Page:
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Neurocognitive abnormalities are prevalent in both first episode schizophrenia patients and in ultra high risk (UHR) patients.
To compare verbal fluency performance at baseline in UHR in patients that did and did not make the transition to psychosis.
Baseline verbal fluency performance in UHR-patients (n = 47) was compared to match first episode patients (n = 69) and normal controls (n = 42).
Verbal fluency (semantic category) scores in UHR-patients did not differ significantly from the score in first episode schizophrenia patients. Both the UHR group (p < 0.003) and the patient group (p < 0.0001) performed significantly worse than controls. Compared to the non-transition group, the transition group performed worse on verbal fluency, semantic category (p < 0.006) at baseline.
Verbal fluency (semantic category) is disturbed in UHR-patients that make the transition to psychosis and could contribute to an improved prediction of transition to psychosis in UHR-patients.
Both schizophrenia and ultra high risk (UHR) patients show reduced neurocognitive performance compared to matched healthy control subjects. In the current study we compared neurocognitive performance at baseline and follow up between UHR patients who made the transition to psychosis and patients who did not.
Patients were eligible for the study when they met criteria for one or more of the following groups: Attenuated symptoms or brief limited intermitted psychotic symptoms or a first degree family member with a psychotic disorder and reduced functioning or basic symptoms. We assessed 216 UHR patients (166 males, mean age: 22,6 SD 5,2) with a neuropsychological test battery composed of the National adult reading test (premorbid IQ), California verbal memory test (verbal memory), spatial working memory test, verbal fluency first letter and categories (executive functioning), finger tapping test (motor speed) and continuous performance test (sustained attention). Data were collected in 7 participating centres of EPOS. Follow up was at 9 months.
37 UHR patients made the transition to psychosis (25 males, mean age 21,5 SD 4,8). The only test that showed a significant difference between the transition and non transition group at baseline was verbal fluency categories (t= 2.79, p = 0.006).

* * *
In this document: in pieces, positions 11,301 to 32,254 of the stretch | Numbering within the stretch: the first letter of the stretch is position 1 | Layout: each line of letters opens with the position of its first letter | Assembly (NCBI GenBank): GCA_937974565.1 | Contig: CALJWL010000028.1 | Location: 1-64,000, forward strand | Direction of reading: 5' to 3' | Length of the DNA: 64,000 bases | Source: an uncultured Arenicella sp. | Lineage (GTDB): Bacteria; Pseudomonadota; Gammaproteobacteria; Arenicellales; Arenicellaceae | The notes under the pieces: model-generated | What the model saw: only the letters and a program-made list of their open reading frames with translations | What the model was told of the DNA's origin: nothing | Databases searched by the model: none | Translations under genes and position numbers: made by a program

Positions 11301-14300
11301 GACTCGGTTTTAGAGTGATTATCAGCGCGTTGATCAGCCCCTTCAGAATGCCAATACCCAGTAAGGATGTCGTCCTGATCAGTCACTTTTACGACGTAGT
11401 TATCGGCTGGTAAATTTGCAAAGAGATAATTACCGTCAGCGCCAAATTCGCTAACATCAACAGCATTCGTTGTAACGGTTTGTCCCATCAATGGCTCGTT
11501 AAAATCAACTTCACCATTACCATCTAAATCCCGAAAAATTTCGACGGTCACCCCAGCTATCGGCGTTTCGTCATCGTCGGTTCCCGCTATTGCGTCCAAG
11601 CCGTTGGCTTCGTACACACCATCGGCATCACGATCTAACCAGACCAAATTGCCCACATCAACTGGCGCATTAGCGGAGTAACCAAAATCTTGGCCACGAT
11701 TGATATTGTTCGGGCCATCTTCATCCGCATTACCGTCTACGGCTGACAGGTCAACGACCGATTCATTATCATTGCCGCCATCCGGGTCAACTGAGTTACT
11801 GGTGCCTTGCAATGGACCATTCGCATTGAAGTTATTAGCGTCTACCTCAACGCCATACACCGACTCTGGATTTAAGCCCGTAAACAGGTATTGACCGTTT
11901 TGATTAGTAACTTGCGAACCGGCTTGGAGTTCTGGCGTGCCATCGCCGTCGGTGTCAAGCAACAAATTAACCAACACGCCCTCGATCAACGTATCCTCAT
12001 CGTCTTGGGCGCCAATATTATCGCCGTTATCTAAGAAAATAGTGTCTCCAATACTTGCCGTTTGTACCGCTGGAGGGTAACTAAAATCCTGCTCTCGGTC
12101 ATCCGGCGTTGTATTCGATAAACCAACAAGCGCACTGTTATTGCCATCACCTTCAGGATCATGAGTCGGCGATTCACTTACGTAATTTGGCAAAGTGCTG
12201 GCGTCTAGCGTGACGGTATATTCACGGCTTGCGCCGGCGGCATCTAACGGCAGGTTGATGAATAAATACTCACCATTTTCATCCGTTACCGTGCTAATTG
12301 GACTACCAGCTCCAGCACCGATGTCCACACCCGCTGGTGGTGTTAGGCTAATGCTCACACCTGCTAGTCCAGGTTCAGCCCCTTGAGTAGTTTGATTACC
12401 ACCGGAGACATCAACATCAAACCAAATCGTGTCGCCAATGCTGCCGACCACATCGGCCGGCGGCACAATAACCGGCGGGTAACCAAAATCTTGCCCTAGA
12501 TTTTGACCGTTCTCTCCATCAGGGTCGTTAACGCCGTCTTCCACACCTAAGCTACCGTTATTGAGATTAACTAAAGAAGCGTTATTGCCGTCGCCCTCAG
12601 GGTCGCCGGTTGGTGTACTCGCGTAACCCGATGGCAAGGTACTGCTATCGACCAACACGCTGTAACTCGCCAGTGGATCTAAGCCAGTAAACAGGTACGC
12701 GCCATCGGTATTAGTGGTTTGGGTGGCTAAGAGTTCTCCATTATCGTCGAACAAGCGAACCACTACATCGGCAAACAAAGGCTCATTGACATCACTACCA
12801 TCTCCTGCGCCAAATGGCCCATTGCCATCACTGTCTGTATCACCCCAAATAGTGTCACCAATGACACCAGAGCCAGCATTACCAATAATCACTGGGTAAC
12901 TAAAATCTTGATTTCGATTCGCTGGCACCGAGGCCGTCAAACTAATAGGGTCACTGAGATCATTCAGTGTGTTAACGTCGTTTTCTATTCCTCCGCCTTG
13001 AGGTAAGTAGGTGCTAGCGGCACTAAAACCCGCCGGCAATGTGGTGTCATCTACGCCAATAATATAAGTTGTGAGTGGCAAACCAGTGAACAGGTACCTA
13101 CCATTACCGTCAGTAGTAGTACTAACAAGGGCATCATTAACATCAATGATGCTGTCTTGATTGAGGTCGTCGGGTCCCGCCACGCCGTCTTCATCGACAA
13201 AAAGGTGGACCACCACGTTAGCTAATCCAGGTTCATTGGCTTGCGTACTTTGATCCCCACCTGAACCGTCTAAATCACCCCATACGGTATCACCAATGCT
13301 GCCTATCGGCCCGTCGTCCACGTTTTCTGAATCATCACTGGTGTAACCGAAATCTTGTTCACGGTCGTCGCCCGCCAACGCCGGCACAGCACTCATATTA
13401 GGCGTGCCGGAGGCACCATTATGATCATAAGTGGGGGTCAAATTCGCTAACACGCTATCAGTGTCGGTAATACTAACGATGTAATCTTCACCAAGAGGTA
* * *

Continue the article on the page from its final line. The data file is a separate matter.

Patients who later make the transition to psychosis perform significantly worse on verbal fluency categories than patients who do not make the transition to psychosis. Verbal fluency may contribute to an improved prediction of psychosis in UHR patients. Follow up results will also be presented.
To determine predictors of transition from ultrahigh risk into psychosis.
The Dutch EDIE trial has included 201 people with an ultrahigh risk for psychosis. These were included with both a referral based strategy and a screening all help-seeking people strategy. The study had a 24 month inclusion period and an 18 mont follow-up period with each patient. The preliminary results are presented.
A loogistic regression was performed over 164 cases. 29 patients developed a psychosis.
Predictor variables were depression, social intercation anxiety, positive symptoms on the CAARMS, negative symptoms on the CAARMS, quality of life, social functioning, genetic risk, and the personal beliefs about illness.
The backward logistice regression (likelyhood ratio) discarded four variables. Predictors of psychosis were depression, positive symptoms, genetic liability and beliefs about illness at basline.
People with hihd scores on depression and positive symptoms are likely to develop a psychosis. Also those who have a psychotic parent and positive symptoms a more lekly to make a transition. Interestingly people that consider their condition as hopeless, feel entrapped by their condition, excluded by other pople and not in control of symptoms also have a heightened chance for developing psychosis in this sample.
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